Jordan “JD” Hall has filed a bankruptcy petition in federal bankruptcy court in Montana, stating he is unable to pay mounting attorney fees incurred while fighting a lawsuit filed against him by Adrian Jawort.
The bankruptcy filing also puts an immediate stay to legal proceedings, including the sanctions hearing that was scheduled for Wednesday. Had that hearing proceeded, Hall could have faced hefty fines by the court. The stay is in effect for up to 30 days and Judge Benjamin P. Hursh could ultimately decide how the case will proceed.
On Tuesday, the bankruptcy court issued a deficiency notice to Hall, saying that all but one of the documents required for bankruptcy protection were missing. The court has given Hall 14 days to file the required documents, which includes a statement of monthly income and means testing, pay stubs and others.
Hall was scheduled to appear before Cascade County District Court Judge Elizabeth Best on Wednesday for a hearing on sanction.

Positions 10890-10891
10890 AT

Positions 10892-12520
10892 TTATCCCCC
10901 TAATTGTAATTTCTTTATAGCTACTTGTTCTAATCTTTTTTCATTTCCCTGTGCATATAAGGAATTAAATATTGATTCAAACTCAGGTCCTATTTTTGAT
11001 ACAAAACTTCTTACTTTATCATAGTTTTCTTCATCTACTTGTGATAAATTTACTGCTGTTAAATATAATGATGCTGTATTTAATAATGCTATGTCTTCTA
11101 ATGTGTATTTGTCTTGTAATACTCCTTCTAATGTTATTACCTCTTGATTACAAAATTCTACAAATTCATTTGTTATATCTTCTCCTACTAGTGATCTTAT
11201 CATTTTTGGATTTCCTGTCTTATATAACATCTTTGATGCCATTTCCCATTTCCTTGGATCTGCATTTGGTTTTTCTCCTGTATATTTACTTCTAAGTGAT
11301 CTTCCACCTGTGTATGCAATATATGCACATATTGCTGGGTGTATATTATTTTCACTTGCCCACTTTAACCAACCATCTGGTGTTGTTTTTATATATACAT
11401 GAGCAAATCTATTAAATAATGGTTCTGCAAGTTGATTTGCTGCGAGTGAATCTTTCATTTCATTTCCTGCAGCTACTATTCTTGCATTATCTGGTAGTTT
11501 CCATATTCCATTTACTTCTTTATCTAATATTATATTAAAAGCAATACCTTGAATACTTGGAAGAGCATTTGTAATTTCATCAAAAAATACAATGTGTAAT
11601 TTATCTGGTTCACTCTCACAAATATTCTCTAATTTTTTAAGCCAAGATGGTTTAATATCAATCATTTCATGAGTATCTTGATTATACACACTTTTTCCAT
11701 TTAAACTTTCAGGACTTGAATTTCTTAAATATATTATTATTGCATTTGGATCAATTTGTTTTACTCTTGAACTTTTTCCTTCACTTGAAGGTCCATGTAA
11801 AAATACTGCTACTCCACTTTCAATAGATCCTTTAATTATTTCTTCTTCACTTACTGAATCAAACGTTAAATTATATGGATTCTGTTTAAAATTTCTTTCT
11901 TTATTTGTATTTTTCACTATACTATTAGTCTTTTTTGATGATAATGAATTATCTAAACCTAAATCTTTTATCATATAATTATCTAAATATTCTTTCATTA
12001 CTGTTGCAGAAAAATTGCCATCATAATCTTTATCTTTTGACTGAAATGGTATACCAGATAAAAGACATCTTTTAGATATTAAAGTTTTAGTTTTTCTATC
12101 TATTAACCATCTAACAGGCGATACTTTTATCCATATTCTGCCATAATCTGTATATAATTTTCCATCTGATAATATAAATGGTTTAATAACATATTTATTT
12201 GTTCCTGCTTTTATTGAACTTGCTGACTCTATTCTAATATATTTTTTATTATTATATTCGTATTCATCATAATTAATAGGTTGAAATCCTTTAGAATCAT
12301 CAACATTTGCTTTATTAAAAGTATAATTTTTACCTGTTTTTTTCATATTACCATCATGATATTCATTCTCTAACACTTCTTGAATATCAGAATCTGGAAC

Hall is being sued by Adrian Jawort, a transgender native lobbyist who alleges that an article about her damaged her reputation.
Attorneys for Jawort filed the motion for sanctions based on Hall’s behavior, which included a picture showing Hall’s home with hunting mounts on the wall, with one reserved for one of attorney Raph Graybill’s head, who is representing Jawort, and another photo showing Hall with a rocket-propelled grenade launcher.
The Montana Supreme Court denied an appeal by Hall to take over the case last week. In a motion filed by Hall, his attorney argued that Best had made an error in her partial judgment against Hall in ruling that Jawort was not a “limited-purpose” public figure. The Supreme Court chose not to take up the case stating, “there is no evidence that relief on appeal would be inadequate.”
Matthew Monforton, Hall’s attorney, had argued that Best’s decision amounted to an incorrect legal finding that would instead subject Hall to going through a trial instead of dismissing the charges or determining a different legal standard.
Hall has filed for Chapter 7 bankruptcy and a bankruptcy trustee, Joseph Womack of Billings, has been assigned in the case.
Jawort’s attorneys are expected to file a response to the filing in federal bankruptcy court.
In the Chapter 7 filing with the bankruptcy court, he listed assets of less than $50,000 and said that attorneys’ fees were the primary driver of his bankruptcy and those bills ranged between $100,000 and $500,000.